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The building was also featured as a backdrop on the cover of the 1991 Annual Report.
We thought it might be nice to make QGN Plaza the first of the facilities added to the PreservingArvin website. While it represented a short-lived facility for Arvin's history, it was one of the older buildings ever occupied by portions of the business; and the building and the grounds got their names from the company founder Q. G. Noblitt.
Originally constructed as the Maple Grove School in 1896 (later renamed Garfield School during the early 20th century), it did not become an Arvin facility until the late 1980s. Arguably the most attractive building on the list of Arvin properties, it would only remain an Arvin property until the early part of the 21st century. Shortly after the merger that formed ArvinMeritor in 2000, the property was sold to the Bartholomew County School Corporation to become their administration building. It seems fitting that the building has come full-circle and is again an educational facility.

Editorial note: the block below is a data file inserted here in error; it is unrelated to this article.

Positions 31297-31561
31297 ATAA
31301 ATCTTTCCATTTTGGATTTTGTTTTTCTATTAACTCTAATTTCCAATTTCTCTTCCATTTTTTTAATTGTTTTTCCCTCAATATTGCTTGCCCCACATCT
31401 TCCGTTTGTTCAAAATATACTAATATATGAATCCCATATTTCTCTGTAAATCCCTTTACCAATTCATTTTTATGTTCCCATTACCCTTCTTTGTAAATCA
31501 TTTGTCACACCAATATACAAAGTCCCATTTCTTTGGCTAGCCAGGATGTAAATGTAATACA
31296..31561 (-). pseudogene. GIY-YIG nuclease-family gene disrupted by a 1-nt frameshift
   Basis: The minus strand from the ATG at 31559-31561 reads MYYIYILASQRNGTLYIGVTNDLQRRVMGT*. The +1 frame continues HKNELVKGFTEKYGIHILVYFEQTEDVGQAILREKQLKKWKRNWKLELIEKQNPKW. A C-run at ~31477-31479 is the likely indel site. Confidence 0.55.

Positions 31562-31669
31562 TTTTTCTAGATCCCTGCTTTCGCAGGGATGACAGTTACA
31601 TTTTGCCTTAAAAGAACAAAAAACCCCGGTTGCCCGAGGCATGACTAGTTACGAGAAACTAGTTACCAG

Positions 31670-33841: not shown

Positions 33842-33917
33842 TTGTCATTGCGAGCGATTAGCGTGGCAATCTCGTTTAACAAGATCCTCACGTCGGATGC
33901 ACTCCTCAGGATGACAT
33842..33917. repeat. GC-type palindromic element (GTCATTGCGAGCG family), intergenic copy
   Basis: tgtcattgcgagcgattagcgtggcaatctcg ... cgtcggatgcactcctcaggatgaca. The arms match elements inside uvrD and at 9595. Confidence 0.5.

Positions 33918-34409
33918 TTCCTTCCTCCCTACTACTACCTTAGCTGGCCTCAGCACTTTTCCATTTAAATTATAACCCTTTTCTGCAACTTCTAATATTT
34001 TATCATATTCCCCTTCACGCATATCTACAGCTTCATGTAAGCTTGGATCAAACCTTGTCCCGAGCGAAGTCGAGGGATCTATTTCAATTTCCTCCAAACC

When Arvin acquired the decaying facility in the 1980s, they embarked on a renovation and construction project that more than quadrupled the footprint of the property and surrounded the building with lovely landscaping, a pond, fountain, and waterfall on a two city block setting.
Originally designed by Charles Sparrell, the most prolific architect in Columbus' 19th century growth, the expansion project successfully extended Sparrell's design concepts to the addition and made a wonderful addition to Columbus' architectural portfolio and heritage. Below is a 4-page pocket brochure that Arvin distributed when the facility was opened in 1989.
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